Drop. Or not. The line looks perfect, but weak snow layers in steep angles makes avalanches a constant threat when exploring the backcountry. A few years down the line, an innovative ski-mounted radar may provide an extra layer of safety for the most daring skiers.    

How is subsea and technology focused Head Energy Multicontrol playing a vital role in the development of a new ski-mounted radar system meant to increase safety for free- and Randonnée skiers? The answer is found in a Norwegian startup company called Think Outside and their innovative concept Sknow.


Searching for weak layers

The Sknow device itself resembles an iPod in shape and size. But while the latter was merely capable of playing audio files and now belongs to tech-history, the former analyzes the snow directly under your skis, while communicating with both a satellite (GPS) and your cellphone (Bluetooth) to present a geological snow profile on site.

It clicks on to the ski right in front of the binding and sends a radar signal through the layers of snow. The reflection is processed in real time – giving a detailed image of the surroundings. A LED light on the device lights up if unstable layers are detected.

“It is like having eyes under the snow”, Monica Vaksdal, CEO and founder of Think Outside told Powder.com in March 2019. Vaksdal has 16 years of experience as a geologist in the oil industry and with a lifelong passion for skiing, the idea had been brewing for some time before it was brought to life in the winter of 2018.


Software from scratch

Key to the Sknow development was both funding and experienced partners. Åsnes Ski, Norway´s largest Nordic backcountry ski producer has become official partner. The Sknow software is programmed in collaboration with Senior Engineer Rolf Berge from Head Energy Multicontrol.

Berge, more known for his sailing skills than steep-mountain free-skiing, has a technical background from both electronic and software design, and over twenty years of experience in design and implementation of embedded real-time systems. Although he has been mostly involved with subsea control systems in his time at Head Energy Multicontrol, he has previously participated in projects developing satellite landing systems, medical instruments, oceanographic instruments and consumer products.

Currently working on the 2.0 version of Sknow, Berge tells about the development process from his point of view:

-It is both fun and challenging. Fun in the sense that we are creating something new and groundbreaking, with a clear upside in making it easier to make good decisions outdoors. Challenging in the sense that there is a vision of how we want the Sknow to work, but no clear spec of the necessary features. It is still doable though, and we are progressing in accordance to plan, Berge tells.


Increased safety and experience

Lars Tveit Christiansen, geologist, avalanche expert and experienced skier, has made 5 field tests with the Sknow prototype, collecting data that is being used to create an algorithm that instantly analyzes snow-layers.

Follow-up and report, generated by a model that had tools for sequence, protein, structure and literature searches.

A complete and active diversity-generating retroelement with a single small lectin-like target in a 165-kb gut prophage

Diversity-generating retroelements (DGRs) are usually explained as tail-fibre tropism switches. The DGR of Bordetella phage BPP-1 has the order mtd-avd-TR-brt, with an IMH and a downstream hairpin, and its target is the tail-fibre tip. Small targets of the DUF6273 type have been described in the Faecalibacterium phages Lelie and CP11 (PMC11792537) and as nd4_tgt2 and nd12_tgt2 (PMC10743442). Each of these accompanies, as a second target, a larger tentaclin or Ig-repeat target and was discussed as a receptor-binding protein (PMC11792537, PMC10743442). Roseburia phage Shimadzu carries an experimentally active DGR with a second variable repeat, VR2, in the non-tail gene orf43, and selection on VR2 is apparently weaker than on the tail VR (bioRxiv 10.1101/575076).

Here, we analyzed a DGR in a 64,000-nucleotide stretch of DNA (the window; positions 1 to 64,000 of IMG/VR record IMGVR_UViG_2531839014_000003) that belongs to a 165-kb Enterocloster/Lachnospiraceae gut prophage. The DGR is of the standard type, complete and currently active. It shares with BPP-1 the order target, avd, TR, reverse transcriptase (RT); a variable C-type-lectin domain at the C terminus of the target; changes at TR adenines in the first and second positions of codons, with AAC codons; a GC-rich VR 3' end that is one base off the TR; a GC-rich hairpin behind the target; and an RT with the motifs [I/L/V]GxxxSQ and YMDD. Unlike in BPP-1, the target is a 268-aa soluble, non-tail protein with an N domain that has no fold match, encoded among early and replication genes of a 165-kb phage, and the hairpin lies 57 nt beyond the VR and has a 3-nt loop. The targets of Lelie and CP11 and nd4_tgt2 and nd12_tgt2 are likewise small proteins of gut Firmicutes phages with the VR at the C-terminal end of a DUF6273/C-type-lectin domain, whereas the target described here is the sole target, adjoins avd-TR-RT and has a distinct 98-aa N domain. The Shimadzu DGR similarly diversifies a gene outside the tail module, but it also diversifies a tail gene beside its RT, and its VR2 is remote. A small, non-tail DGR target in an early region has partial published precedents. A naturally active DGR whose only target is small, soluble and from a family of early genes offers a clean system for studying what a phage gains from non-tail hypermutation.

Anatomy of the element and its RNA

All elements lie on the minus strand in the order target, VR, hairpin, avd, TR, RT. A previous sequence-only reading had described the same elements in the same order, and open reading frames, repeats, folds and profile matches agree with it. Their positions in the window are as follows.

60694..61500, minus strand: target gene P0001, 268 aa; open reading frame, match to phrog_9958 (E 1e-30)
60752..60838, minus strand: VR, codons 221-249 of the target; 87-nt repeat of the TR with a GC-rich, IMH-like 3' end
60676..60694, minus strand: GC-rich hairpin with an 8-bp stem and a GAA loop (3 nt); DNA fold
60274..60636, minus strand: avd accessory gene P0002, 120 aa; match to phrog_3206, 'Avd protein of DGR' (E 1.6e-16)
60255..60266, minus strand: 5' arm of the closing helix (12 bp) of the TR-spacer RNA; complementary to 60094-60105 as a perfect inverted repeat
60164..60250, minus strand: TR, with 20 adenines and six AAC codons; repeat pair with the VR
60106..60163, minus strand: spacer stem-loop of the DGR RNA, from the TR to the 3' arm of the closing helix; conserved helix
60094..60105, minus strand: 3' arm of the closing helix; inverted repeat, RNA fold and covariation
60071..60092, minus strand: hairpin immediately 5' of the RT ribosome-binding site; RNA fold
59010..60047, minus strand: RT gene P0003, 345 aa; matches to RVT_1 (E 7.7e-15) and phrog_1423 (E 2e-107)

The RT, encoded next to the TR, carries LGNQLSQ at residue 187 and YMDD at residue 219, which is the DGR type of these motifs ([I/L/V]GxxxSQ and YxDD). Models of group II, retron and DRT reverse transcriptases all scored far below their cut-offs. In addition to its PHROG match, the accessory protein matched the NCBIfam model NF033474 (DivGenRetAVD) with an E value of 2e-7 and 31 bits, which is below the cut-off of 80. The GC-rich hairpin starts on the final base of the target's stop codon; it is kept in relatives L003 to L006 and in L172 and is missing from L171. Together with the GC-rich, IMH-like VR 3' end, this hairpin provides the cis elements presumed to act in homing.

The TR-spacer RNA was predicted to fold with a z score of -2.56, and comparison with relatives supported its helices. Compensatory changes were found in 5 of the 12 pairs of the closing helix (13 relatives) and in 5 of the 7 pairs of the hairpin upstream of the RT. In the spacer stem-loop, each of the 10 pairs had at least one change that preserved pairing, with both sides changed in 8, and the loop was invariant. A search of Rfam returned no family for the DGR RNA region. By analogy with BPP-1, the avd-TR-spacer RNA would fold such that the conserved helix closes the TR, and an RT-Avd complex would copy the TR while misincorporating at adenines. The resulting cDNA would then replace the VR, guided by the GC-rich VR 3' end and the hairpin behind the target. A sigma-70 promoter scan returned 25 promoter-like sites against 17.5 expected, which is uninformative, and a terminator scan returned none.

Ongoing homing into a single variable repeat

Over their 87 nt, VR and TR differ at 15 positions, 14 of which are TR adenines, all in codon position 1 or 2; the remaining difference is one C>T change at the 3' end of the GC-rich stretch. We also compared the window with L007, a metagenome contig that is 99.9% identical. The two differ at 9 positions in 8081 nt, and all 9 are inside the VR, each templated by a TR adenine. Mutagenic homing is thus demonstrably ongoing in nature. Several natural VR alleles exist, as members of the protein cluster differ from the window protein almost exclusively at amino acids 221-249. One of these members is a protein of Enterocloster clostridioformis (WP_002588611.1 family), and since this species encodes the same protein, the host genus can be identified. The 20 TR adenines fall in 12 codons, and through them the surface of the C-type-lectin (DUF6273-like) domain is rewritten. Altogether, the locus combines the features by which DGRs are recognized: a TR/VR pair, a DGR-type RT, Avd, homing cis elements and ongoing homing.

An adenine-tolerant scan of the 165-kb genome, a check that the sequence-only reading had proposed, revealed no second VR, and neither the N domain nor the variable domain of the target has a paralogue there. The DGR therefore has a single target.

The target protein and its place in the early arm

-We have collected recordings of the snow-layers. Currently, the data collected is not meaningful to the end user, but we are using it to train our machine learning algorithm.  When we have gathered enough samples to fully train the model, the algorithm will provide a digital snow profile on site. Hopefully, this will improve decision-making and be an important addition for skiers, avalanche experts and tour guides. However, it will not replace manual analyzes in the field. Experience and know-how will still be the main assets, but Sknow offers highly valuable new information in the decision-making process, Christiansen says.

He also emphasizes that the smart-ski concept could add multiple experience features on top of the extra safety it provides:

-I think there are a lot of features that would make this a cool gadget as well. Let’s say you can log your descents directly on your smart phone, including snow details, angles, speed, altitude, lines et cetera. Combining the radar on your skis with GPS tracking would provide a much more accurate set of data than a regular smart-watch, and tailored from a skier’s point of view, instead of a multi-sport solution, Lars adds.




Engineering bandwidth

Head Energy Multicontrol got involved in the Sknow project through the OMNI Specialist Network. Managing Director, Trond Erik Gundersen, does not believe this project will be a one-off for the company:

-The OMNI Network provides access to some very interesting opportunities for us. Let us not forget that we are a subsea and technology focused company, hence our horizon is wider than the oil & gas industry. Our engineering staff is highly skilled, but also very passionate about tech-development and new solutions, so I think this is a good fit for us and something that we are going to get more involved in in the years to come. Rolf (Berge) is a great asset to us and has done brilliant, groundbreaking work on the Sknow project so far. We are excited about Think Outside and their project and very much look forward to seeing how this develops, Trond Erik Gundersen says.